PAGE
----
Union Meeting.—There was a large gathering at McDonough Hall on Thursday evening last of those who love our country, respect and uphold its laws, and sympathize with and sustain our armies in the field. By eight o’clock the hall was crowded leaving hardly standing room. Hon. A. B. Calef was chairman, who introduced to the audience Col. S. W. Kellogg of Waterbury, who occupied an hour and a half in delivering one of the most conclusive and able arguments why the people should vote to sustain the present administration in its endeavors to subdue the rebellion. He was frequently interrupted by cheering and encores during his remarks. He was followed by Hon. Henry A. Raymond of New York. Mr. Raymond is a talented and able lecturer, and his speech abounded with sound reasoning and conclusive arguments in support of the cause in which we [were] engaged. The audience listened with the closest attention until the close, and adjourned with rousing cheers for the speakers, and the success of our glorious cause. So mote it be.
The Selectmen have called a town meeting on Saturday afternoon next, to consider the expediency of procuring volunteers in anticipation of another call for more men.
Solid.—It is an indisputable fact that the three engineers of our Fire Department are “solid men.” Their average weight is 180 lbs. Together they can bring up a 540 lb weight.
Selling Out.—C. E. Putnam gives notice that he will sell out his entire stock of toys, &c., at a low figure, as he is under orders to “change his base” by next spring. A fine opportunity is now afforded to those in the trade.
A New Market has been opened just north of Washington street.
New Firm.—Messrs. J. & J. A. Turner have disposed of their stock of groceries, &c., to F. W. & G. E. Burr, who will continue the business at the old stand, 102 Main st. They are enterprising young men, and worthy of public patronage. Encourage our young men, and keep them with us.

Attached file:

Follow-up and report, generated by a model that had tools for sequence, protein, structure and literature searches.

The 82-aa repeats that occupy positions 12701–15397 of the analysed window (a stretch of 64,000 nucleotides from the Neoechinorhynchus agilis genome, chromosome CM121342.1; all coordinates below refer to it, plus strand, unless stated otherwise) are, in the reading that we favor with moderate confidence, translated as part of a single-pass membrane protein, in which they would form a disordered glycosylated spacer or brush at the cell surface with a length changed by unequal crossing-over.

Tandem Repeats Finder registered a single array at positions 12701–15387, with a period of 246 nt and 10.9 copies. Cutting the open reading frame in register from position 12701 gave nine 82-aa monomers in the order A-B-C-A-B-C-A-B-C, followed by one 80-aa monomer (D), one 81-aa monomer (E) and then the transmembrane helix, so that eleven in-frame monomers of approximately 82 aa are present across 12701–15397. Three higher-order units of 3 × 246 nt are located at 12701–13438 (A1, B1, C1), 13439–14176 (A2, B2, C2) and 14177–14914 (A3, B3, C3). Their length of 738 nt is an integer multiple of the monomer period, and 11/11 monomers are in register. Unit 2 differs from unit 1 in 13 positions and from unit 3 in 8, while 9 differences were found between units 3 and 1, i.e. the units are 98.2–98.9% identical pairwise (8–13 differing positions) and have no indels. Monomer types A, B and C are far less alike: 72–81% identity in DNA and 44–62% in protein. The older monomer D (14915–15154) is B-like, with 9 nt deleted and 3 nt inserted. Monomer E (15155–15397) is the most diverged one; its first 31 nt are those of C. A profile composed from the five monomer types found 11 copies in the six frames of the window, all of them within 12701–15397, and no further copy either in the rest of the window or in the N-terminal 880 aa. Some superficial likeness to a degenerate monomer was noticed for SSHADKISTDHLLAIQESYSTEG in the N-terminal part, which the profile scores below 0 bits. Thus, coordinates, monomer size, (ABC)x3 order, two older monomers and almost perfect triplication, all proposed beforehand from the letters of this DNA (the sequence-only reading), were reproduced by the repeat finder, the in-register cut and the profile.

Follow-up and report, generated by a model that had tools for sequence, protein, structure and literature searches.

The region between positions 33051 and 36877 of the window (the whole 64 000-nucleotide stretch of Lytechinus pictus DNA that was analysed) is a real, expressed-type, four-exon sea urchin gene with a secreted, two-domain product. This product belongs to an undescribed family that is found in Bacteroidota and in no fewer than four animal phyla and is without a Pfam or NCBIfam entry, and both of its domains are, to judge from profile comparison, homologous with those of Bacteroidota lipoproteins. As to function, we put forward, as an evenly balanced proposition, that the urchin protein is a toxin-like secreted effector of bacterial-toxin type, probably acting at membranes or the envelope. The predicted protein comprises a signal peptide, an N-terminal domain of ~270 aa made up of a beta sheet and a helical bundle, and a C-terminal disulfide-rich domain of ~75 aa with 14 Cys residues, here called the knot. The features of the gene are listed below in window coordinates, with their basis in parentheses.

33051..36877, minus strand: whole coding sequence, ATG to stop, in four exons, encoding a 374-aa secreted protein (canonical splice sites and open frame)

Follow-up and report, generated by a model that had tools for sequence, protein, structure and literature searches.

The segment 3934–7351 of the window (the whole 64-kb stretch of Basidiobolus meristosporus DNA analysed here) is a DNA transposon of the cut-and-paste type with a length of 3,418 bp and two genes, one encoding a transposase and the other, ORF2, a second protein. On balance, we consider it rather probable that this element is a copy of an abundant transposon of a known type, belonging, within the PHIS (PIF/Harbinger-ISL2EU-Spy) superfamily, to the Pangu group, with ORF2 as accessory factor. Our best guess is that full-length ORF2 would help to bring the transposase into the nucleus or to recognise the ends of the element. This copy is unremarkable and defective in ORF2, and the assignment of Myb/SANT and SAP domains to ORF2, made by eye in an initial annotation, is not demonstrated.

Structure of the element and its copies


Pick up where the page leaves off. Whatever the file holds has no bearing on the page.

Intends Leaving.—We regret to learn that Mr. Henry Harrington, the popular agent of Adams Express Co., in this city, intends leaving the city to engage in business in Worcester, Mass. Mr. Harrington will take with him the good wishes of our citizens who esteem him for his unassuming yet pleasant manners and strict business habits. May success attend him.
Nine young ladies of Boston, have sent to Mrs. Commodore Downes, for the Sailors’ Fair, two hundred and fifty dollars, the proceeds of the sale of an Afghan, made by themselves.
Jeff Davis, in his complaint that two-thirds of his army are absent without leave, a mild confederate term for “deserted,” makes a silent appeal to his copperhead friends in the north, where so many of these “absentees without leave” have gone; for not content with absenting themselves from the army, they have absented themselves from the confederacy, and have braved all the disgusts and dangers of “free society,” rather than to serve in that cause which, Mr. Davis assures us, enjoys the affections of every true southern heart.
Some of the true southern hearts aforesaid have their own way of manifesting their affections; but no copperhead can doubt the fact, since Jeff Davis states it.
Do they not think that there should be a new fugitive slave law, with an amendment extending to deserters from the rebel army?—Providence Journal.
The Freshman class in Yale College have organized a Temperance Society, and it is believed two-thirds of the class will enroll their names.